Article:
Back when I was in primary school, we used to have a Future Careers Day, a day when all students will dress up according to their ambitious careers. I’d always begged my elder sister to lend me her thermometer or stethoscope to take with me to school. Growing up with two elder siblings as medical students greatly motivated me to choose a carrier in the healthcare field.
At the age of 11, I signed up to join a local volunteer first aid group. It’s a sort of boys scout group where members learn of basic first aid skills like use of a tourniquet to stop bleeding, emergency help to victims of animals bite, etc. It has always been my interest to be a lifesaver just as I’d always watched cartoons of superheroes. At the age of 16, I won a scholarship that sponsored me for an international exchange program. I traveled to a country with advance medical facilities and technology that surpassed my home-country. Without hesitation there, I chose courses that could prepare me for my future ambition of medical education. I joined a medical procedure class; it was a course that taught me on basic life support. I learned about cardio-pulmonary resuscitation (CPR), automated external defibrillator (AED), etc. Now as a preclinical medical student, I only have learnt about the basics so far. Nevertheless, I’d to be grateful for the opportunities I got during my primary and secondary schools. It’s that which has given me the courage to face life emergencies that I came across especially in the past 2 years.
The complicated thing about emergencies is that they always happen unpredicted and in an unspecified way. It’s left for the healthcare staff present to think outside the box in the shortest time possible to save that precious life lying down on the ground. At such dreadful moment, it’s only a sharp line between life and death of the patients. Anything done could rightly affect a patient positively or otherwise. So it’s critical that any procedure practiced is in the best way possible.
When faced with an emergency medical case as a medical student; be it at home, school or even at a supermarket, the first thing I try to remember is that it happens I was at the environment not by accident but to be there as someone’s savior. So I’ll have to whisper this to my brain to activate it in the most calm way. I’d to let the adrenaline flows but at a steady rate and I always tell myself that I might just be the most knowledgeable person at that place when it comes to medical aspect. Indirectly, I’m telling myself that the life of the patient depends on how right I did the procedure before the arrival of paramedics and so I’d to be exceptionally calm. These thought usually ignites my judgement center into work and thus helps me in making a prompt decision and preparing me mentally for the job that lies before me. I repeatedly whisper to myself to be calm! This is to set up a coordination between my mind and hands. This gives me the courage and readiness to dive into the actual life saving techniques.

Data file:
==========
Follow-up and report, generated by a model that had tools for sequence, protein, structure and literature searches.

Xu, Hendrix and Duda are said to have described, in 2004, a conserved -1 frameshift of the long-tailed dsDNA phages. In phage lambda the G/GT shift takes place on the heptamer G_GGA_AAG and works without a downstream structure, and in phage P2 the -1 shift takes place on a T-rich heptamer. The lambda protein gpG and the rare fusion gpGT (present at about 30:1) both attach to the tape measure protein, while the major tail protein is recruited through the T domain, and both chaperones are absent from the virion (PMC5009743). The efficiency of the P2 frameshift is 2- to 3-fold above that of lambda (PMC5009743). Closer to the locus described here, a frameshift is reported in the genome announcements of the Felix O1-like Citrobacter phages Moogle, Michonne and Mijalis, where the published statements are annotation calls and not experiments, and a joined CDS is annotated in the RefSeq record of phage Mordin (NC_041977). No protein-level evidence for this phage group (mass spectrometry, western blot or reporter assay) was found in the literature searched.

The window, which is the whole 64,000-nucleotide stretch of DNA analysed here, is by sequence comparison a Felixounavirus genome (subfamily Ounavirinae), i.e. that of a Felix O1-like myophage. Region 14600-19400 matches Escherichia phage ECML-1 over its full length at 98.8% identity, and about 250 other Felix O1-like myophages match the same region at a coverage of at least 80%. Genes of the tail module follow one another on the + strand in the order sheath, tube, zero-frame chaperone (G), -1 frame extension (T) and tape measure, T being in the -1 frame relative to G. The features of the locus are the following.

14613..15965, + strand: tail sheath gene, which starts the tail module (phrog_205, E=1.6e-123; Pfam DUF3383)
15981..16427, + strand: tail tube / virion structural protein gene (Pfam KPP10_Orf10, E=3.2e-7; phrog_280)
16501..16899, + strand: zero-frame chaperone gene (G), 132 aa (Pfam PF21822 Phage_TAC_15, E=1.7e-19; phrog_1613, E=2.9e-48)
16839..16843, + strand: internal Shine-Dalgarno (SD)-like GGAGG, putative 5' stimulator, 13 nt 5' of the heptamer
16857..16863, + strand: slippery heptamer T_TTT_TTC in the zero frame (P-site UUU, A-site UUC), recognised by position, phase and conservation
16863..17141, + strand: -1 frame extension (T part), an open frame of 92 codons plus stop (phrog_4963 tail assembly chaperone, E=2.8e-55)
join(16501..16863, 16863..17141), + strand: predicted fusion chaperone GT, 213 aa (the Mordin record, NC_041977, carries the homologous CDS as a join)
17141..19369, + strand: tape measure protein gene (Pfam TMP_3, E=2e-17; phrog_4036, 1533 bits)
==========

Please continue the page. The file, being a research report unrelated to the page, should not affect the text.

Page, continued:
On the other hand, preparing physically is the hardest part as that depends on the environment where such emergencies occurred. There could be instances where there is no first aid kit around or worse there’s no other person to help in stabilizing the patient. Even in this kind of scenarios, it’s of utmost importance for a medical student to rise above their fears and stay calm. Calling for help using the national emergency number and then securing the environment should be a priority. Some emergencies might occur around dangerous areas like on the road or around heavy machinery; remembers to always keep one’s self and the patients away from danger. Once the environment is secured, check for vital signs like consciousness, breathing and heartbeat. Also check for any traumas especially to the head. Reach out for a first aid kit if available or some other improvise materials if the kit is not available. Roll up your sleeves or heavy clothing that might obstruct in the process of CPR. Bring an AED device around if available or ask someone to do so. These steps are important in physical preparation for performing any life saving techniques.
To close on all the preparations, a medical student has to compose themselves first before attending to the patient. Remember to conquer any fear immediately and dive into saving lives in shortest time possible. Think of the words of appreciation that you’ll get from those patients if they happen to make it after such emergencies. Do not be overzealous and remember to ask for others help even if they are not medically educated; they can help in bringing this and that tool for you. I believe these steps when done effectively would prepare a medical student, even those with less clinical experience like myself to do their best in performing life saving techniques for patients in a state of pain. Do remember that it’s what you’ve been trained for and so do your best to show that training in a real-life scenario. You’re there for a reason; that is to be the patient’s savior before the arrival of help!